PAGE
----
Subject to legislative funding of Special Category Grant Projects, Historic City News has learned that, at some point during the state’s fiscal year beginning July 1, 2014, St Augustine may receive $175,000, which the city must match, to defray repair and replacement costs of the barrel tile roof over the Lightner Museum portion of the City Hall building.
Last week, the seven-member Florida Historical Commission also approved two additional applications for special category grants from the Division of Historical Resources for the St Augustine Lighthouse and Museum’s shipwreck archeology exhibit and a restoration project for the Ximenez-Fatio House.
“St Augustine projects did very well when reviewed in Tallahassee,” Public Affairs Director Paul Williamson told local Historic City News reporters. “Of the sixteen projects from across the state, all three applications from St Augustine were approved.”
The city’s application for funds to restore the Alcazar Hotel ranked number one among the applications being considered. The entire restoration project for the Alcazar Hotel, of which the tiled roof is only a portion, includes replacing the remainder of the roof, sealing and waterproofing the exterior walls of the entire building and completing the replacement of the aluminum framed windows.
The landmark building and grounds were gifts to the City from Chicago publisher Otto Lightner with the caveat that the museum remain and the City bear the cost of future maintenance.
The Alcazar Hotel was one of two major hotels constructed by Henry Flagler in the late 1880s, and one of a number of magnificent buildings in the city which were constructed at the time and often credited with changing the face of St Augustine and introducing a distinctive building style to the United States.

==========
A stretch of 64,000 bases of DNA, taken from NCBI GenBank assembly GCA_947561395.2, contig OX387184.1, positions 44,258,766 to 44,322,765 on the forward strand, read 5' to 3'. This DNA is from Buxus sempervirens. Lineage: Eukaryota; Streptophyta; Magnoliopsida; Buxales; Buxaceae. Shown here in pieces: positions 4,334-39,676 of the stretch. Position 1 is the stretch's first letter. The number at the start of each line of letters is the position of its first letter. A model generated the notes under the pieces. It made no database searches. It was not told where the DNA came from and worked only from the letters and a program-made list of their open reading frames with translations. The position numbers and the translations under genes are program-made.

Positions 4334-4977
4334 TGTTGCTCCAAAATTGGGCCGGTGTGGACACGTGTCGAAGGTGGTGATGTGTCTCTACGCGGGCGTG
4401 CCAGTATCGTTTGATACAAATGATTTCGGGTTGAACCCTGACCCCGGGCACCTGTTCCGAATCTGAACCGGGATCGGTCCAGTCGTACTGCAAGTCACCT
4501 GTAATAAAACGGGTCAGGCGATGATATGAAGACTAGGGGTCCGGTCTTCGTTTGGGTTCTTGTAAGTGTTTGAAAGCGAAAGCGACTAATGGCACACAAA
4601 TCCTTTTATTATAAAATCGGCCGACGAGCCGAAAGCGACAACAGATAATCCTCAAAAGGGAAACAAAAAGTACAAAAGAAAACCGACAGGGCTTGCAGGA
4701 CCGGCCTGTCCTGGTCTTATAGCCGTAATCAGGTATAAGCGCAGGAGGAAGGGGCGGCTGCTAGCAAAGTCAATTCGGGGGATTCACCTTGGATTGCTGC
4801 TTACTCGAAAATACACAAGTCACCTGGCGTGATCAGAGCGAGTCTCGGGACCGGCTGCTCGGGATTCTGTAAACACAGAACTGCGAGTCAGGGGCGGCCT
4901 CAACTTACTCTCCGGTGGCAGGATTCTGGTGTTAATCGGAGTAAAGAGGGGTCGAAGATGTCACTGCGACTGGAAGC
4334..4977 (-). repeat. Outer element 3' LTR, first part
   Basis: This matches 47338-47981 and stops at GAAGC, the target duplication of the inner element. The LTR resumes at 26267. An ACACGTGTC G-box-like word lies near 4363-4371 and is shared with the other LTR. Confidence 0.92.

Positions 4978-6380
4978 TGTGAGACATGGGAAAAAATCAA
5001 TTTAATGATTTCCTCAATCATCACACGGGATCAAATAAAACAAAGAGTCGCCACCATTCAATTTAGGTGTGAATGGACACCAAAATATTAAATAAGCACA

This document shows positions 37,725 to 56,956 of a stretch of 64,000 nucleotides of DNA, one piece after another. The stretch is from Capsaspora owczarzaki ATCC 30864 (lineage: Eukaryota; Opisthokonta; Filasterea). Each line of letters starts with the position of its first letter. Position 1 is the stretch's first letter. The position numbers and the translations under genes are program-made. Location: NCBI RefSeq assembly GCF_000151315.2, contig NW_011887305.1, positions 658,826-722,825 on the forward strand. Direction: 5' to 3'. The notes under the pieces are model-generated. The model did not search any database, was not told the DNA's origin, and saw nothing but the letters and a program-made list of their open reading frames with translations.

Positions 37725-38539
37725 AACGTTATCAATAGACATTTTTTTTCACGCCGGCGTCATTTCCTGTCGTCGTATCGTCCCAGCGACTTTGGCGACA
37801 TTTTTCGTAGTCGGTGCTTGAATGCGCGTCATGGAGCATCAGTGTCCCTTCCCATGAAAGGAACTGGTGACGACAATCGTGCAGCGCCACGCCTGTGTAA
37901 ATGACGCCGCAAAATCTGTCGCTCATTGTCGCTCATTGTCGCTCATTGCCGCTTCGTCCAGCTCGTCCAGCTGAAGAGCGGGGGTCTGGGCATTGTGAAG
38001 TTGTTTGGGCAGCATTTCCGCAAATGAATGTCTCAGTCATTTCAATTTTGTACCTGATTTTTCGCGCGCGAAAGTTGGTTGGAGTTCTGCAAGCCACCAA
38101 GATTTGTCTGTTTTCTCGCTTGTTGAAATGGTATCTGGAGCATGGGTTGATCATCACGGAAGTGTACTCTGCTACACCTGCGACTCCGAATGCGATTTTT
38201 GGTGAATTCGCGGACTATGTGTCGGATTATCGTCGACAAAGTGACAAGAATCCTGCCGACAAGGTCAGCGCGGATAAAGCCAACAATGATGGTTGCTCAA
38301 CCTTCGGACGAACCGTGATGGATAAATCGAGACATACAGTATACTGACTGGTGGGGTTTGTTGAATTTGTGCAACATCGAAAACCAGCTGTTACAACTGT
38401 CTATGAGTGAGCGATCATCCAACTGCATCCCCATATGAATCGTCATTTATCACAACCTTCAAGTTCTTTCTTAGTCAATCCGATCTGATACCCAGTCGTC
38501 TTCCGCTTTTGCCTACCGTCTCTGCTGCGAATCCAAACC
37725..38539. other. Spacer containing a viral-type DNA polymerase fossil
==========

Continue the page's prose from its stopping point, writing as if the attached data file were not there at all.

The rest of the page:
Forty years ago in April, the Alcazar Hotel became home to St Augustine’s City Hall; and, in addition to the Lightner Museum, the building houses several State of Florida agency offices and a variety of retail shops.
Former Mayor James Lindsley, who was a St Augustine City Commissioner at the time, described the Alcazar as “the most beautiful, unique and majestic city hall in the Nation.” Williamson told reporters that, while it is a challenge to keep the building fitting that accurate description, the city is committed to its preservation. “Judging by the support of this recent application, so is the State of Florida,” Williamson added.
Lightner Museum Director, Robert Harper, and Barry Myers, Museum Curator, accompanied Tim Fleming, the city’s General Services Deputy Director, Nancy Sikes-Kline, St Augustine’s Vice Mayor; John Regan, City Manager; and Dana Ste. Claire, St Augustine’s 450th Commemoration Director, to Tallahassee to present and support the grant application.